Sippy Cup vs Bottle | Baby Journey

Sippy Cup vs Bottle: Pros & Cons, When to Swap and More

Raising a child in the modern age brings many dilemmas and confusion, starting from the essential aspect – feeding. With the sippy cup introduction and more research about bottles, many parents wondered about sippy cup vs bottle use. Been there, done that.

One isn’t better than the other, no matter what other parents or know-it-all people from your surroundings tell you. It is just a matter of appropriate timing.

However, the most important difference is the mounting option. Let’s see more about bottles versus sippy cups.

Sippy Cup Usage

Bottles and sippy cups have their purpose – help you feed the baby either with formula or breastfeeding milk, give juice or introduce water. In my bottle vs sippy cup comparison, let’s start with the latter one, as most people struggle to understand the use and types.

Parents should use a sippy cup instead of bottle as natural progress, as the baby has grown enough to be weaned off the bottle.

Some parents struggle to break the nasty habit of using a bottle once the baby is older than one year, so a sippy cup can be a great way to introduce cups. Also, some sippy cups prevent spilling and make the baby more independent.

Sippy Cups Types

There are several types of sippy cups, based on the top of the sippy cup.

I recommend trying a sippy cup with nipple and different spout types, to find the top that suits your baby the best.

  • Soft spout

Soft spout is practical for a switch from bottle to sippy cup at four to six months.

You shouldn’t hold too long on the sippy cup with a soft spout, because it also makes babies suck from the bottle, repeating infant-like feeding motions and swallow patterns with their mouths. This can lead to orthodontic issues later on as they will be inclined to stick to the habit of protruding the tongue when drinking, instead of a mature drinking pattern without a tongue thrust.

  • Hard spout

Hard spouts are suitable for babies older than 12 months, they can be leak and spill-proof, made from durable plastic. But American Dental Association (ADA) advises parents to avoid sippy cups without a flow-controlled valve [1], commonly seen in cups with hard spout. The valve prevents spilling but can cause improper tongue placement during sipping.

  • Straw sippy cups

A sippy cup with a straw looks like a baby bottle with straw inside, and you can introduce them earlier than a hard spout. The straws are hard or flexible, and you can try both to see which one seems more appealing to your babies. Sippy cups with straws promote independent feeding.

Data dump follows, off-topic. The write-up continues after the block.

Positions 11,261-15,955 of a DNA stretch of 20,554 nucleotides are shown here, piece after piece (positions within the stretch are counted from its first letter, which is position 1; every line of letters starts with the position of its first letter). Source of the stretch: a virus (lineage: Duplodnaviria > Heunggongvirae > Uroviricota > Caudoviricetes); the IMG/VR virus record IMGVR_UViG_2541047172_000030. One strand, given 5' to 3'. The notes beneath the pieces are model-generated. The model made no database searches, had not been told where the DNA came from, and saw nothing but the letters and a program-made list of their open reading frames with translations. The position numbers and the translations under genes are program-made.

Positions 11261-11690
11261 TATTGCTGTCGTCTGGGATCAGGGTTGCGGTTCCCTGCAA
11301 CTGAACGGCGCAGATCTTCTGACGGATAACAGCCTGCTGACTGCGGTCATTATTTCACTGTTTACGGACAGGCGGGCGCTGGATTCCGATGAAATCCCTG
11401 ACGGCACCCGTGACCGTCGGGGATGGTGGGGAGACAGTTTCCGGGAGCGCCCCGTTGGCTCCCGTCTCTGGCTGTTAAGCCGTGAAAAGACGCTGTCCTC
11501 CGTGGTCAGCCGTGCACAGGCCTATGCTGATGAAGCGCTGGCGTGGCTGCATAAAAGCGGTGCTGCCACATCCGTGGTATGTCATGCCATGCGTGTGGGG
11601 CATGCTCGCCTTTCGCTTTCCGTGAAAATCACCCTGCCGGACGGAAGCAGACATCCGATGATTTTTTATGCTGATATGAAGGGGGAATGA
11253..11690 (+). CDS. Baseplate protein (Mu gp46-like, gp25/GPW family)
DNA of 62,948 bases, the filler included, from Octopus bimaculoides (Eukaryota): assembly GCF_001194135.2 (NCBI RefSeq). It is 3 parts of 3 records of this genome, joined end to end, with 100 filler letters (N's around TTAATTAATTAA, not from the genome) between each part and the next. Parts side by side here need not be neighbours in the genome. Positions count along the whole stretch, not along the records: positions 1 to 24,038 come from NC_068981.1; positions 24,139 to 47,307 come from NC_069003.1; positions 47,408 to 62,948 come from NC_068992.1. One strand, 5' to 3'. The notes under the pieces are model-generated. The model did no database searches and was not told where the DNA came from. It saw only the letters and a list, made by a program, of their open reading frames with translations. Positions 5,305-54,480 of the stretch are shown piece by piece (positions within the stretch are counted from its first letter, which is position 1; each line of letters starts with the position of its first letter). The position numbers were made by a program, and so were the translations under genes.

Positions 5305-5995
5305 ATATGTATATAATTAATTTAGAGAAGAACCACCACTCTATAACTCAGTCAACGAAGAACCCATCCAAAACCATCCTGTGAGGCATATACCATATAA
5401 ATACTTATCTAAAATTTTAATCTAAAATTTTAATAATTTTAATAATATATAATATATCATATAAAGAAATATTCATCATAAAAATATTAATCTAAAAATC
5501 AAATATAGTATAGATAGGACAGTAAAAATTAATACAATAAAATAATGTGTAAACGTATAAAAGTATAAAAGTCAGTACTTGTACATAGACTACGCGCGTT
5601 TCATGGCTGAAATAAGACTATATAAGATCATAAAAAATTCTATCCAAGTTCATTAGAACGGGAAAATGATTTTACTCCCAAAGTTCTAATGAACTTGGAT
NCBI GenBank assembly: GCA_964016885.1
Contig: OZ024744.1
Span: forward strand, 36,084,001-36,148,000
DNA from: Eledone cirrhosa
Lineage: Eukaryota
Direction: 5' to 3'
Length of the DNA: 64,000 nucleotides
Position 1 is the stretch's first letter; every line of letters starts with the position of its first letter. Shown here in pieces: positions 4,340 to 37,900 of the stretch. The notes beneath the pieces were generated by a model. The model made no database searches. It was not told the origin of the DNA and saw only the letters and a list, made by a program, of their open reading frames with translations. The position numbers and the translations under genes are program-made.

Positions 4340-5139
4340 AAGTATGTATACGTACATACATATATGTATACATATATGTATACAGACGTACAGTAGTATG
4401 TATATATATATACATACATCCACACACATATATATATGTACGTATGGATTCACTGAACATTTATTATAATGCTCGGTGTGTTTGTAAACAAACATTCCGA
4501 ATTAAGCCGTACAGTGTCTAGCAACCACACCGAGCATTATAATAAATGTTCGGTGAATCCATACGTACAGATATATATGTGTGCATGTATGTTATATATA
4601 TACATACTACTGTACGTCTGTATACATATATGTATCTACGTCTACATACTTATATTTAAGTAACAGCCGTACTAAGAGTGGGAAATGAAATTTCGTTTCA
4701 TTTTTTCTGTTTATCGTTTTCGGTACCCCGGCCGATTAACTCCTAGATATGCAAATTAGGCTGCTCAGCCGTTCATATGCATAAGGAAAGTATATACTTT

• No spout

Sippy cups with no spout are extremely practical to help a baby learn to eat like a big kid. You can slowly introduce it at the age of six months and work your way around until you switch completely to cups.

No spout, spoutless, or 360° sippy cups, as this type is sometimes called, are a great way to teach the baby to drink off the rim. The Munchkin Miracle 360 Trainer Cup is a fool-proof cup, that can replace every other sip cup type as the baby grows!

Due to the flexibility of letting your child drink from any of the top part, no spout sippies or 360° sippies are arguably one of the best sippy cups to wean off bottle. The nice thing about this no spout sippy cup is that, it is also dentists-approved!

A baby can drink from anywhere on the top of the 360 sippy cup.- Sippy Cup vs Bottle: Pros & Cons, When to Swap and More  | Baby Journey
With a 360 sippy cup, a baby can drink from anywhere on the top of the cup. Source: LoveJennyblog.com

When to Switch to Sippy Cup and When to stop using it

When to introduce sippy cup to breastfed baby is no different than switching for babies on formula. You can start slowly introducing sippy cups between six and nine months to help the baby learn how to sip.

The ADA advises stopping using the sippy cup when you accomplish that goal to prevent teeth displacement. Some babies reach that milestone at 18 months, and some can learn how to sip at one year.

Sippy Cups Pros and Cons

A sippy cup is an optional and temporary step in learning your baby to sip. Here are some good and the bad factors of sip cup use to consider:

Pros:

  • Help the baby learn how to sip
  • Spill-proof drinking
  • Improves baby’s grip
  • Make the baby wean off bottle easier

Cons:

  • Sippy cups with pressure valve force babies to suck